Student performance and leadership practices of selected elementary school principals: a cohort study
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School leadership provides a critical bridge between student success initiatives and their impact on students in Texas schools. This study, which was one of four cohort studies conducted concurrently in Region V Education Service Center (ESC), Texas, examined the relationship between student performance, as measured by the Texas Assessment of Knowledge and Skills (TAKS), and leadership practices of elementary school principals in Region V ESC schools. The investigation procedures for this study involved an analysis of the responses from principals and site-based decision making (SBDM) committee members from their respective campuses to the Leadership Practices Inventory (LPI) developed by Kouzes and Posner (2003) which evaluates the use of five identified leadership practices: Model the Way, Inspire a Shared Vision, Challenge the Process, Enable Others to Act, and Encourage the Heart. Student performance information for the participating elementary campuses was obtained from the Texas Education Agency Academic Excellence Indicator System database. This study found no linear relationship between perceived leadership practices of elementary principals and the academic success of students as measured by the Texas Assessment of Knowledge and Skills (TAKS). However, a relationship between these variables is strongly supported by the literature. The data were an indication that Region V elementary principals embrace the leadership practices identified by Kouzes and Posner at least moderately (between the 30th and 69th percentile) or at a higher level (70th percentile or above). As a group, the principals in this study rated themselves higher overall in regard to perceived leadership practices than did their observers, but only significantly higher on three of the five individual practices. Principals and their observers agreed that the practice Enable Others to Act was the most frequently noted followed by the practices Model the Way and Encourage the Heart. The practices with the least reported frequency were Challenge the Process and Inspire a Shared Vision. Further analysis of the data showed that the demographic variables of gender, ethnicity, age, and years of experience in the field of education did not have an effect on survey responses of the study participants.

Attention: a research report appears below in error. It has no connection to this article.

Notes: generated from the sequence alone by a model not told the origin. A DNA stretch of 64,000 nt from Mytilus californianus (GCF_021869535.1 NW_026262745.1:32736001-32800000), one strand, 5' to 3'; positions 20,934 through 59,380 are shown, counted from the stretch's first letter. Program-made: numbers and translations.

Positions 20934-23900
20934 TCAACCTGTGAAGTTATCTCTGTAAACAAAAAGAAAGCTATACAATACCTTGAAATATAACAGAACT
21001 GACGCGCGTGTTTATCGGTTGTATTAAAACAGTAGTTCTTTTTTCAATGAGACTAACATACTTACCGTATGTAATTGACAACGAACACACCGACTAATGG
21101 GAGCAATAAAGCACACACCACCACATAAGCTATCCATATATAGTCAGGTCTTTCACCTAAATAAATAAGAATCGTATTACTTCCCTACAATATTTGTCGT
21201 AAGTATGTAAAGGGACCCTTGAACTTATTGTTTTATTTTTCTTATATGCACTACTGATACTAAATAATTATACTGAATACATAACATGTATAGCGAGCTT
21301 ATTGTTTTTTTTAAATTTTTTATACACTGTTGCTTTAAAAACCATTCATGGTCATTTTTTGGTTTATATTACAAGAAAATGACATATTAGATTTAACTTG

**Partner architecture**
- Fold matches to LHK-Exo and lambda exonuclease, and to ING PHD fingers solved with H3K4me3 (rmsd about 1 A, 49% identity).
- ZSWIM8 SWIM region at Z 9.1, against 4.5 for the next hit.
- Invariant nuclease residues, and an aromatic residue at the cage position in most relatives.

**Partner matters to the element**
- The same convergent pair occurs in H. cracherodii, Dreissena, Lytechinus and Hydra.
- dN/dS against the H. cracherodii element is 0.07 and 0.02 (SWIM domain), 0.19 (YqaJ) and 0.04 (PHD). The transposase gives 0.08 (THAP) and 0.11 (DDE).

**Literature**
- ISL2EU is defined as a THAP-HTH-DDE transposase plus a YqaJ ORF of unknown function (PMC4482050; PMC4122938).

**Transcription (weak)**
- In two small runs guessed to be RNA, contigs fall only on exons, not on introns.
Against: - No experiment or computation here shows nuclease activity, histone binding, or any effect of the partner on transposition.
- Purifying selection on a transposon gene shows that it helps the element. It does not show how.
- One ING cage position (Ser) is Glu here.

Arnold, Stacey Rae (2003). Student performance and leadership practices of selected elementary school principals: a cohort study. Doctoral dissertation, Texas A&M University. Texas A&M University. Available electronically from